My town’s public library has a Religious Fiction section, over by the Mystery and Science Fiction shelves, and about the same size. I have no idea what is in it. I have looked, but that was not much help. Every book I glanced at was, more or less, terrible, but I suspect that the outcome would have been statistically similar in any other part of the library, controlling for publication date and so on.
John Henry Newman, in his discourses on “Literature” and “English Catholic Literature,” does not argue against religious fiction, not exactly, but he is suspicious, even though he himself was the author of a Catholic novel (Loss and Gain, 1848). He defends non-Catholic, and even anti-Catholic, literature. He defends their place in the Catholic university, and is not convinced that the Catholic university will have much of a role in creating something called “Catholic literature.”
Newman’s ecumenicism is a delight, although it has its limits – he does not hesitate to call Hobbes and Hume “evil” and a “disgrace” (“ECL,” 276), but he does not then say a Catholic should not read them or authors like them:
They [Milton and Gibbon] are great English authors, each breathing hatred to the Catholic Church in his own way, each a proud and rebellious creature of God, each gifted with incomparable gifts.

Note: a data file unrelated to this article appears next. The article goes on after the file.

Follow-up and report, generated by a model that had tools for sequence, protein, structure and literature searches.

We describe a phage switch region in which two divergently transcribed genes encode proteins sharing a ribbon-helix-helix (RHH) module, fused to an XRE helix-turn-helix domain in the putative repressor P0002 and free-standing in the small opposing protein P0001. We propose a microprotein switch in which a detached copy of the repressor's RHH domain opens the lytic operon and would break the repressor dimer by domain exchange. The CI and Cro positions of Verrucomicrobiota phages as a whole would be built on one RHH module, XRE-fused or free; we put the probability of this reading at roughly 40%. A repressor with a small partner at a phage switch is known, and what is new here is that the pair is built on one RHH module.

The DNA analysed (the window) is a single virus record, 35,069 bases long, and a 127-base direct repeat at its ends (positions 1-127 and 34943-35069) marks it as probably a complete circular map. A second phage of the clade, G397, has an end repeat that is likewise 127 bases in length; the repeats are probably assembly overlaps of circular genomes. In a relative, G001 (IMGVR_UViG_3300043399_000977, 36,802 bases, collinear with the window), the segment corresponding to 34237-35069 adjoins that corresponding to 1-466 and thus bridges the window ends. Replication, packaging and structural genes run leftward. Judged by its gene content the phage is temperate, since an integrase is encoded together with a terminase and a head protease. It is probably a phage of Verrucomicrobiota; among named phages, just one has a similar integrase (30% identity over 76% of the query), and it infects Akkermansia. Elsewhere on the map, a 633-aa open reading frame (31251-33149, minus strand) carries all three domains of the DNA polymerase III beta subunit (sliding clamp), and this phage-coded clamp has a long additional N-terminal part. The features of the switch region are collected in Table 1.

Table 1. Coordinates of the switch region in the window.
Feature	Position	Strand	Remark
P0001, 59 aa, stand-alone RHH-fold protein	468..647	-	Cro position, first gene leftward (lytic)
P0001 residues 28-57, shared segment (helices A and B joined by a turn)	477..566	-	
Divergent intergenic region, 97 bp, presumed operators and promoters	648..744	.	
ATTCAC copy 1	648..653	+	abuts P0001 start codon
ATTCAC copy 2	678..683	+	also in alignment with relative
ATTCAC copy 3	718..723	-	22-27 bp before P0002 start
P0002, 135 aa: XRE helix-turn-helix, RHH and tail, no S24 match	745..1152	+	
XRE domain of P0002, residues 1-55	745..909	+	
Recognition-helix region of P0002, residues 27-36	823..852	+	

We must take things as they are, if we take them at all. (“ECL,” 268)
Newman’s keenest argument is that even if we would like to insulate ourselves from writers of dubious belief, it is too late. Our language is suffused with theirs. The English Catholic’s ordinary speech is already full of Shakespeare and Gibbon, the King James Bible and the Book of Common Prayer. “English Literature will have ever been Protestant” (272, emphasis Newman’s) and “Man’s work will savour of man” (274). I will admit that I am almost always attracted to arguments against purity, that one must accept impurity as a fact of the world and act accordingly.
Does this sound familiar?
This is not a day for great writers, but for good writing, and a great deal of it. There never was a time when men wrote so much and so well, and that, without being of any great account themselves. (284)
Newman blames periodicals, not MFA programs. The complaint is perpetual. Was it ever true? Was it ever not true?
One last quotation, which tips Newman’s hand. He has to defend literature, classical, English, or otherwise. He loves it too much:
National Literature is, in a parallel way, the untutored movements of the reason, imagination, passions, and affections of the natural man, the leapings and the friskings, the plungings and the snortings, the sportings and the buffoonings, the clumsy play and the aimless toil, of the noble, lawless savage of God’s intellectual creation. (“ECL,” 275)
Now that sounds like fun. It is fun.